ate squa
akes ho
tate Uni
i Hunts'
Die te
thei sch
In the
rst plao
The p
Letters Abortion may lead to more ‘legal killing ^
I would like to personally address Starr
Moore, in the letter presented to The Bat
talion Feb. 28.
First, a quote from Dr. Leo T.
Heywood, Professor of Obstetrics and
Gynecology and Chairman of the Depart
ment of Creighton University School of
Medicine in Omaha:
“I am against abortion. It is not neces
sary in the practice of medicine, and it
destroys the very thing the physician is
dedicated to preserve — human life.”
To preserve human life. You say than an
unborn baby is not a child — let me inform
you that upon the moment of conception,
every characteristic that human being will
ever have — whether physical or emotion
al — is contained within the genes. It has
only now to develop in life, to follow the
pattern laid out in the genes, until the
point of deh. Human life is one continuous
change — it begins with conception and
ends with death.
You then state that children who will be
unwanted or unloved should be killed. If
this statement is true, then why not kill all
children already born who are unwanted or
unloved should be killed?
Dr. John L. Grady, who has held such
titles as Chairman of the Department of
Obstetrics and Chief of Staff at Glades
General Hospital, Medical Examiner for
the States Attorney, State President of the
Association of American Physicians and
Surgeons, and is now National Chairman if
Americans for the Right to Life, speaks of
the growing occurence of infanticide, or
the killing of babies after birth:
“In instances of abortion when the baby
is delivered alive, it is killed by one of
several means: placing it in a plastic bag
(suffocation), leaving it in a container on
the surgical table or in the refrigerator (ex
posure), or putting it into a container of
water or formaldehyde (drowning). It is
subsequently burned in an incineratror.
However, in some medical centers, fetuses
aborted alive are now being used for live
research specimens.”
While you’re at it, you might as well kill
the handicapped and aged, for you say that
the unborn child is totally dependent on
the mother, therefore the mother has the
right ot decide whether or not her child
will live. You cannot argue that many hand
icapped and aged persons also are depen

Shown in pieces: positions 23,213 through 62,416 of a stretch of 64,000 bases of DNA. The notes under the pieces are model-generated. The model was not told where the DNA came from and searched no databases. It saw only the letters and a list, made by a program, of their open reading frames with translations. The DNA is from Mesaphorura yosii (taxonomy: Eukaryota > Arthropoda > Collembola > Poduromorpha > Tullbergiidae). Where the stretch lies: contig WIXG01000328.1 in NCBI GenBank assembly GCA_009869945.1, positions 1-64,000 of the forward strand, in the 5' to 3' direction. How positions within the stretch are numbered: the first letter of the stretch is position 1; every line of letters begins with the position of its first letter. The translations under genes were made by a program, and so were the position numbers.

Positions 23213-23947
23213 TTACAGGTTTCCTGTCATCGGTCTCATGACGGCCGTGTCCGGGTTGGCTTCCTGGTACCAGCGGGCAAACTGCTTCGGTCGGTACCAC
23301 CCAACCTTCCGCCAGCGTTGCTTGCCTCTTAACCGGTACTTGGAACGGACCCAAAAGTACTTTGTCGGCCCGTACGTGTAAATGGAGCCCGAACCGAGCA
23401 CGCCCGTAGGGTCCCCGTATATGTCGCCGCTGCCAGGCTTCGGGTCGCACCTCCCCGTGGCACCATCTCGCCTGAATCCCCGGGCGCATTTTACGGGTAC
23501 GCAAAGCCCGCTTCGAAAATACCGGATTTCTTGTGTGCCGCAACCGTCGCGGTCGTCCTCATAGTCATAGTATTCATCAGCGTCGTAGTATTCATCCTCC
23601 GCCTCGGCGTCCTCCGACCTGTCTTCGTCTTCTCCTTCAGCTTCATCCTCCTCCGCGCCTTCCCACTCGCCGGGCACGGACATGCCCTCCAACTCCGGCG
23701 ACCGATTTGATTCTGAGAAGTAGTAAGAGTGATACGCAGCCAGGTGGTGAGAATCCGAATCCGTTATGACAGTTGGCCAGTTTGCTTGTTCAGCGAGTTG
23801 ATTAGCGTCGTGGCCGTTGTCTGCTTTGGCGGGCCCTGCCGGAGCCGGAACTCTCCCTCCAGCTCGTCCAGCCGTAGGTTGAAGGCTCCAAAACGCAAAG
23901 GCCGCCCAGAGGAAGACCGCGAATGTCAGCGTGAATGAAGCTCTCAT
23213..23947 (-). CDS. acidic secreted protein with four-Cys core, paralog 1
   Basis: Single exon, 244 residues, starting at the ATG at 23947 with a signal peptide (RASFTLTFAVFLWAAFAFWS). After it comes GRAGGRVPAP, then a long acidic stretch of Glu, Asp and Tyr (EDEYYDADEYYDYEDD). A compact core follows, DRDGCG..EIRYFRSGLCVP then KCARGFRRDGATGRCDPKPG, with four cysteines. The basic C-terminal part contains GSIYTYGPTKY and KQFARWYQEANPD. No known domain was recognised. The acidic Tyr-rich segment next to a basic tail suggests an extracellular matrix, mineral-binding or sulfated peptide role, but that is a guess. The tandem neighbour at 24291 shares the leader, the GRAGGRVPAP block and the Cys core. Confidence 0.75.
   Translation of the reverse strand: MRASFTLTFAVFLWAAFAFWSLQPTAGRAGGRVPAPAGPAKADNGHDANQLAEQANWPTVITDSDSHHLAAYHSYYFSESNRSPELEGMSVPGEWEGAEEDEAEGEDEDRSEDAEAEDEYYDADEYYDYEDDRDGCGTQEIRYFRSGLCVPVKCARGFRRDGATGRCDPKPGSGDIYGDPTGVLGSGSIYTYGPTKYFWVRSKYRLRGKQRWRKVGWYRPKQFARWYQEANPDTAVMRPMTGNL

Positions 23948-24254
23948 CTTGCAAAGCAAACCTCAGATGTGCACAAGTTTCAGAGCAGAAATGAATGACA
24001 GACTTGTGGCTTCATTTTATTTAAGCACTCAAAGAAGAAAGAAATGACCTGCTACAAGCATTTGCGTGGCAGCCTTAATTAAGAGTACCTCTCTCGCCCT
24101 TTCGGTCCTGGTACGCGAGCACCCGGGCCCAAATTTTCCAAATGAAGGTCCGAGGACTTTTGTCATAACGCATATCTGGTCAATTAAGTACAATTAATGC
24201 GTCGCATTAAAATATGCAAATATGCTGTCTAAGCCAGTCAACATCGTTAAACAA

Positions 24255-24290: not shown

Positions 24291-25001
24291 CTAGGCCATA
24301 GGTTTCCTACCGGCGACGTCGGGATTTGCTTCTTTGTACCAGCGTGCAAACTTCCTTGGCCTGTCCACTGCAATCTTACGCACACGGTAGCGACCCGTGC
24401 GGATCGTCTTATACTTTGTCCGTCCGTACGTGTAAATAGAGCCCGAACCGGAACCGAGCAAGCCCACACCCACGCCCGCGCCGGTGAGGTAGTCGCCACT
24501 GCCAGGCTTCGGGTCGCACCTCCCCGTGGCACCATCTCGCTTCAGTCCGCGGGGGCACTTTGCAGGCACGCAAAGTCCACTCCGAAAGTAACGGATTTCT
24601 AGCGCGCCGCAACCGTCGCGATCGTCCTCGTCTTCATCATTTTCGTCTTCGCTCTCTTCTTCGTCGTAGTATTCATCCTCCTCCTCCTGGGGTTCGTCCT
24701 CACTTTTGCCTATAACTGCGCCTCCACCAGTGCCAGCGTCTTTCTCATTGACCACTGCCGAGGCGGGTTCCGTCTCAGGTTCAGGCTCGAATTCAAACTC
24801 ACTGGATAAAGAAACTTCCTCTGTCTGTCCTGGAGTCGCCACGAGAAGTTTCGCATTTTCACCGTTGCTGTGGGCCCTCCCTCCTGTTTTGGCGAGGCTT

dent on others for survival — should those
who take care of them also be given the
right to decide if they live or die?
Killing unwanted children does not
clean society — it only adds to its evils. If
you really are concerned with cleaning up
society, then start opposing immorality,
promiscuity, porno-movies and magazines;
work toward stricter criminal laws; and
take efforts to re-establish the family as the
basic unit of society, for anyone who has
studied history quickly leanrs that the first
step in destroying a society is to destroy the
family unit. Take positive steps to make
this world a better place for children to be
born into.
The fact is, once conception has taken
place, it is no longer a question of whether
or not you wish to be parents — for you are
already parents, and must accept that re
If some parents do not wisht
that responsibility themselves,
many, many married couples toif
physically cannot have children BE At
have a place in their hearts to rdered
'unwanted - ' child. Is that not the:: lie Wo i
man thing to do? > expla
The United Nations C barter or. .'dt be f<
Rights, written in 1948, guarantefift'his i
ery person the right tolife.cliildreAlated i
be given special consideration in feGu If (
and that the right to life shouldkie funu
nateed before as well as after bird ave enj
If you feel that you have arighl-tace si
then do not deny that same rigl
other person — whether it beating
within a womb, a handicappedyw
or an elderly man or woman.
For if today society supports tl(J
paying doctors to kill our unborn^
then who is to say that one day it"
also allow the killing of all!
any human — even you?